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In “Warhol,” esteemed art critic Blake Gopnik takes on Andy Warhol in all his depth and dimensions. “The meanings of his art depend on the way he lived and who he was,” as Gopnik writes.
In "Warhol," esteemed art critic Blake Gopnik takes on Andy Warhol in all his depth and dimensions. “The meanings of his art depend on the way he lived and who he was,” as Gopnik writes. “That’s why the details of his biography matter more than for almost any cultural figure,” from his working-class Pittsburgh upbringing as the child of immigrants to his early career in commercial art to his total immersion in the “performance” of being an artist, accompanied by global fame and stardom—and his attempted assassination. The extent and range of Warhol’s success, and his deliberate attempts to thwart his biographers, means that it hasn’t been easy to put together an accurate or complete image of him. But in this biography, unprecedented in its scope and detail as well as in its access to Warhol’s archives, Gopnik brings to life a figure who continues to fascinate because of his contradictions—he was known as sweet and caring to his loved ones but also a coldhearted manipulator; a deep-thinking avant-gardist but also a true lover of schlock and kitsch; a faithful churchgoer but also an eager sinner, skeptic, and cynic.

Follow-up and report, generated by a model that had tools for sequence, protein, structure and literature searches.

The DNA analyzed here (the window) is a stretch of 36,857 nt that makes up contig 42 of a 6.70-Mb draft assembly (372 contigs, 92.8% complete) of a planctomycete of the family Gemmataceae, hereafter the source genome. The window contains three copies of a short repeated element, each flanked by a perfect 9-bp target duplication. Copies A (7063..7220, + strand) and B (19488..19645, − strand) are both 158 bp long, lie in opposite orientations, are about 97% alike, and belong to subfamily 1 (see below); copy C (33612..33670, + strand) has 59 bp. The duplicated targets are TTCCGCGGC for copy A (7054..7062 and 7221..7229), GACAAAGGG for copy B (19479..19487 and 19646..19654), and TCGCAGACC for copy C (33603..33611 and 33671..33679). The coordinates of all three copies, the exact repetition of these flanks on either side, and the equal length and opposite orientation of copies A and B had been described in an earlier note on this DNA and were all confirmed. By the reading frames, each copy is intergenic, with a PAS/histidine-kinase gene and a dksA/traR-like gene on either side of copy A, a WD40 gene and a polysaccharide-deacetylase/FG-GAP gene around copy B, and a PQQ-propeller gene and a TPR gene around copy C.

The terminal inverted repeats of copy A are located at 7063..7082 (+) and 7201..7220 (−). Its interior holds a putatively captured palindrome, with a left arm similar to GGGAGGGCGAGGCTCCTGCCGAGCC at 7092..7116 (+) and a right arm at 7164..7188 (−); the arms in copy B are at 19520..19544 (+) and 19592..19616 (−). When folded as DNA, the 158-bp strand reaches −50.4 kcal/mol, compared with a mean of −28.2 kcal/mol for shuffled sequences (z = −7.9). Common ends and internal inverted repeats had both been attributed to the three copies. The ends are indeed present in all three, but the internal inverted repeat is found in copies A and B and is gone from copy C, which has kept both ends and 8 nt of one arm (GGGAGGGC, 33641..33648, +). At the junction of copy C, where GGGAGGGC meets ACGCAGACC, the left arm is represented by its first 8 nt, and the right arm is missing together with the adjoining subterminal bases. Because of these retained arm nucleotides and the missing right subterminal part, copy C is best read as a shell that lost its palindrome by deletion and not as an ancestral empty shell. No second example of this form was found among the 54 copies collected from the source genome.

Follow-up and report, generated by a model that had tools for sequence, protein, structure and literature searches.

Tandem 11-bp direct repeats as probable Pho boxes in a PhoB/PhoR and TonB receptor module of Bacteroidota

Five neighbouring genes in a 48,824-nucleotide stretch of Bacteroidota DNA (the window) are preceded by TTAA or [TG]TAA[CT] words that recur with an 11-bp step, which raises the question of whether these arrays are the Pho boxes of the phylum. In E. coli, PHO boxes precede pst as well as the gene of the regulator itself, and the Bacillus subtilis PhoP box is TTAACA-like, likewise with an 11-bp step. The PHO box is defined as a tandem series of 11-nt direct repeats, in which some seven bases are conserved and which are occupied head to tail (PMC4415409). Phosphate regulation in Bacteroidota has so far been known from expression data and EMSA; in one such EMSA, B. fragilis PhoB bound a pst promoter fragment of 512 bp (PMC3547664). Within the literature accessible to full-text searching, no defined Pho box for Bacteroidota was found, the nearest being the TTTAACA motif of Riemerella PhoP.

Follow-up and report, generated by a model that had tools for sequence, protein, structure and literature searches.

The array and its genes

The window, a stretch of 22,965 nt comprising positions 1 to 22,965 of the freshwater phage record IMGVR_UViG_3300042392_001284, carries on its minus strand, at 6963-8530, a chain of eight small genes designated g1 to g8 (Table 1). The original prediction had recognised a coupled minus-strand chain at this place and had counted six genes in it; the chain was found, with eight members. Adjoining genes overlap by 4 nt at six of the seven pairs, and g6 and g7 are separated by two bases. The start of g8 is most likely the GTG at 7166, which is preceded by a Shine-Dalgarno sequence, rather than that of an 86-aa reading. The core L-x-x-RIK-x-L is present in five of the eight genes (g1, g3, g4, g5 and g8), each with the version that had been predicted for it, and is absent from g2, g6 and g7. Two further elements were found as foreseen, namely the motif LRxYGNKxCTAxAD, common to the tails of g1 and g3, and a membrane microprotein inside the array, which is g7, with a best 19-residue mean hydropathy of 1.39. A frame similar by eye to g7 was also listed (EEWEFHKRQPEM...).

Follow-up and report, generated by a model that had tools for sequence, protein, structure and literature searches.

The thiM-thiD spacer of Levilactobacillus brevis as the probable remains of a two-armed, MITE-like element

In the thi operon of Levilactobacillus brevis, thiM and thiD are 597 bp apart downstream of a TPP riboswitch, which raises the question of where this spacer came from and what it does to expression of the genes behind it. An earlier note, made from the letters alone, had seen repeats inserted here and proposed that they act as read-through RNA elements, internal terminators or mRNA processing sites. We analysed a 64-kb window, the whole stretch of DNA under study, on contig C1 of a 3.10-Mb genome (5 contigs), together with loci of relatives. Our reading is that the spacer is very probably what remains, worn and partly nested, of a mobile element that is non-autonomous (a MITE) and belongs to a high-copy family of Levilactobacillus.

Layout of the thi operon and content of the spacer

Blake Gopnik, one of North America’s leading arts writers, has served as art and design critic at Newsweek, and as chief art critic at the Washington Post and Canada’s Globe and Mail. In 2017, he was a Cullman Center Fellow in residence at the New York Public Library, and in 2015 he held a fellowship at the Leon Levy Center for Biography at City University of New York. He has a PhD in art history from Oxford University and is a regular contributor to the New York Times.
Description courtesy of Ecco.
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